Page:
Responding to Four-dollar Gas ~ Thinking Like an Economist

What am I personally going to do about four-dollar a gallon gas? I’ve been thinking about buying a motorcycle. Whoa… Hold on. Let me explain.

I was 64 on my last birthday, and my wife tells me that I’ve become more pessimistic with each added year since she married me. Perhaps she’s right; I certainly don’t antici- pate the price of gasoline to come down by much anytime soon. But is this pessimism or am I just thinking like an economist?

 We’ve all heard the most commonly accepted reasons for the recent rise in the price of gasoline: growing world-wide demand for crude and the declining value of the dollar.  But have you heard this one: price speculation driven by fear of an imminent dis- ruption of thirty percent the world’s supply of oil caused by an expansion of the conflict in the Persian Gulf region? Even with China and India subsidizing the cost of gasoline for their citizens, world demand is currently being met. So the laws of supply and demand alone do not fully explain the rapid rise in cost.

 The Strait of Hormuz is a 21 mile-wide choke point through which nearly a third of the world’s total supply oil must pass to get to world markets. Having just completed a two-day economic summit for educators at the Dallas Federal Reserve Bank, I’ve been left thinking about this quite a bit lately.

Osama Bin Laden has said, “Oil is the umbilical cord and lifeline of the crusader community.” Maybe al-Qaeda is winning this war and our current leadership doesn’t even recognize it.

History may recall that our decision to invade Iraq, however noble our rationale for this may have seemed at the time, was the biggest economic blunder of all time. Consider the following two charts. The first one shows the rising price of oil since 2003, the year that we invaded Iraq. But on closer inspection, one can see the rapid increase really started soon after our 2001 invasion of Afghanistan.  The second chart shows the dollar’s decline against a broad basket of currencies over the same period.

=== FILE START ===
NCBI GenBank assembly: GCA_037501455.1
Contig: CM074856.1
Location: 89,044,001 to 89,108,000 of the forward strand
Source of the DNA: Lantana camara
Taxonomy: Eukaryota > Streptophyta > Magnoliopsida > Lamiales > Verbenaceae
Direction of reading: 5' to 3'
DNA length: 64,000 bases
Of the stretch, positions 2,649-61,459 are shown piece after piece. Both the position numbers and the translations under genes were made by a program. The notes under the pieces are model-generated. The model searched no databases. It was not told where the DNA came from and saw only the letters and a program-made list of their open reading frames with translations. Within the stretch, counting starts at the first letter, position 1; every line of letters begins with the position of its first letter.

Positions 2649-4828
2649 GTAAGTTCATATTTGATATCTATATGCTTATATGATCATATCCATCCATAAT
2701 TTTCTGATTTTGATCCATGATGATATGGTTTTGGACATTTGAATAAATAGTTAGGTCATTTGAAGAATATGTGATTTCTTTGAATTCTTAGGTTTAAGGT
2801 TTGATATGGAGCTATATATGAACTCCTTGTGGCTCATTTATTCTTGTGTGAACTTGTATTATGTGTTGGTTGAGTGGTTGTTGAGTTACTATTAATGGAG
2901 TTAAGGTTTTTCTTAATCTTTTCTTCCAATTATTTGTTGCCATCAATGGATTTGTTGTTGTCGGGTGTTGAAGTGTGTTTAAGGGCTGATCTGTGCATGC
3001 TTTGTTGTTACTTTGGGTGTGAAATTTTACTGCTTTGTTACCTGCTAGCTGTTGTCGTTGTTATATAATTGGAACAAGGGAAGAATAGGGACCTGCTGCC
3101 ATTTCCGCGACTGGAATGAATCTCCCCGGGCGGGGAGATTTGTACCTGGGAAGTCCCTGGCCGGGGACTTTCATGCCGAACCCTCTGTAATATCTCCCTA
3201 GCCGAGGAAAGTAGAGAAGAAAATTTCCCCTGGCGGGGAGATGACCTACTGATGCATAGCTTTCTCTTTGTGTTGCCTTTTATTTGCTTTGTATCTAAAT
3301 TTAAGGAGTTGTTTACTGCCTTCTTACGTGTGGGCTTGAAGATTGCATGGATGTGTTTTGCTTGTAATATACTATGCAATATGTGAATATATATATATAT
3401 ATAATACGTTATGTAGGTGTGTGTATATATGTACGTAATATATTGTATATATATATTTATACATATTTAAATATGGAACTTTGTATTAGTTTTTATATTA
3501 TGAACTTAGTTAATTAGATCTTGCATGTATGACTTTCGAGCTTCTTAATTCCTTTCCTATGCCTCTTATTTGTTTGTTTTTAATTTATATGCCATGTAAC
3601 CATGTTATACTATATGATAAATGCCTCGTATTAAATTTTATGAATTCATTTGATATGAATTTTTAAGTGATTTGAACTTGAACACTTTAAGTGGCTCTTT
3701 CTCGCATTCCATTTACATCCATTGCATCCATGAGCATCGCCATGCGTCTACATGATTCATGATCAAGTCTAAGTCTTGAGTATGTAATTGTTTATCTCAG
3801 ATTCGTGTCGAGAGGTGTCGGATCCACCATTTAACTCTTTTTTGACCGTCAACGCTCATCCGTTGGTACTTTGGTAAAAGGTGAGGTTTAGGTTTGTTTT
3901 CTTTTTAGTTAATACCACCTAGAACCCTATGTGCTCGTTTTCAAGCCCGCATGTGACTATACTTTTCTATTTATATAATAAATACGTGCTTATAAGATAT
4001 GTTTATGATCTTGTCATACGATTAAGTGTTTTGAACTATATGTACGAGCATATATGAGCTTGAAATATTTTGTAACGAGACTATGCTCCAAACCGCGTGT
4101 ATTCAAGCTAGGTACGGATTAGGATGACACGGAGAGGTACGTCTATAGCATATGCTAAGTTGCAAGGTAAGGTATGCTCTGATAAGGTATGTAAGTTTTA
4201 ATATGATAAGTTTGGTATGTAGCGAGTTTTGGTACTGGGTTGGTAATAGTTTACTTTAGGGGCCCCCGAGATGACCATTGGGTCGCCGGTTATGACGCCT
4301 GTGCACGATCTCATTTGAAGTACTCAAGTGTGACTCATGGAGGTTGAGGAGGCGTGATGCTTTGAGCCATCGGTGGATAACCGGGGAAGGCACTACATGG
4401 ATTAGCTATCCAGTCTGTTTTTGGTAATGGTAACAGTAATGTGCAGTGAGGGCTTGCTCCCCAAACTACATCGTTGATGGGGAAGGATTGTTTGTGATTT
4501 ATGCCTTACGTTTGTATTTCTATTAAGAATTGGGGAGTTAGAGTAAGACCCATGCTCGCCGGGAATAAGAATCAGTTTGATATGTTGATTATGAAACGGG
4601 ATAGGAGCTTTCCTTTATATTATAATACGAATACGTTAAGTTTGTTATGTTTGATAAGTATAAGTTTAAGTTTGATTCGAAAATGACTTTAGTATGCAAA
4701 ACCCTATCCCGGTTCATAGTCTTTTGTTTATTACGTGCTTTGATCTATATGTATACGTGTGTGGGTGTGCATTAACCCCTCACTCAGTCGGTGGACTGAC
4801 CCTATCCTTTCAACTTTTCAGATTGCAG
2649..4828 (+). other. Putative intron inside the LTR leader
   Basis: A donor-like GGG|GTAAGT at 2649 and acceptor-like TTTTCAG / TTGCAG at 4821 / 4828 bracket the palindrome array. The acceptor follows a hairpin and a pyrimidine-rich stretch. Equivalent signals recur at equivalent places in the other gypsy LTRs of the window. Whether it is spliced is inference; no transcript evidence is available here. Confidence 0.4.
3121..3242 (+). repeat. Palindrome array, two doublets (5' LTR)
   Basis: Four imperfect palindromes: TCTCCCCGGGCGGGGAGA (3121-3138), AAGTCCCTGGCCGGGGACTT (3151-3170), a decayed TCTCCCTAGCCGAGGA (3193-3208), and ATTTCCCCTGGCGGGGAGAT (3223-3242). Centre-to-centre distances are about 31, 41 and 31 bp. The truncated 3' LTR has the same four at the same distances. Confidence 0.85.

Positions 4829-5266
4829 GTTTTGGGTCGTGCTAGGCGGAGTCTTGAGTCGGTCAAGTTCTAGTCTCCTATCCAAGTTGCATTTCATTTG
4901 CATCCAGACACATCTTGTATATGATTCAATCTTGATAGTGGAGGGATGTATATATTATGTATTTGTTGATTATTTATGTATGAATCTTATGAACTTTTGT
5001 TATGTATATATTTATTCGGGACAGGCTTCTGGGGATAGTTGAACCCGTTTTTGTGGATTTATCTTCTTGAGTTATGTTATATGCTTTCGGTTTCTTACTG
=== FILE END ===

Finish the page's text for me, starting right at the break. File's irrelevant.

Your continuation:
Interesting, hugh? 

Surely the war is not the only thing causing our economic woes, but the correlation of these two trends, the rising price of oil and the declining value of our dollar, to 911 and our declaration of war on terror cannot be just a coincidence. HELLO!?!?

So, what am I personally going to do about this? Well, for one thing, I’m certainly not going to vote in the upcoming national election for the same kind of thinking that got us into this mess.  Aside from that… I’ve been thinking about buying a motorcycle.  Yes… this will save me money on gas and help the economy, especially if I buy a Harley Davidson, the only motorcycle that’s still made by Americans right here in America.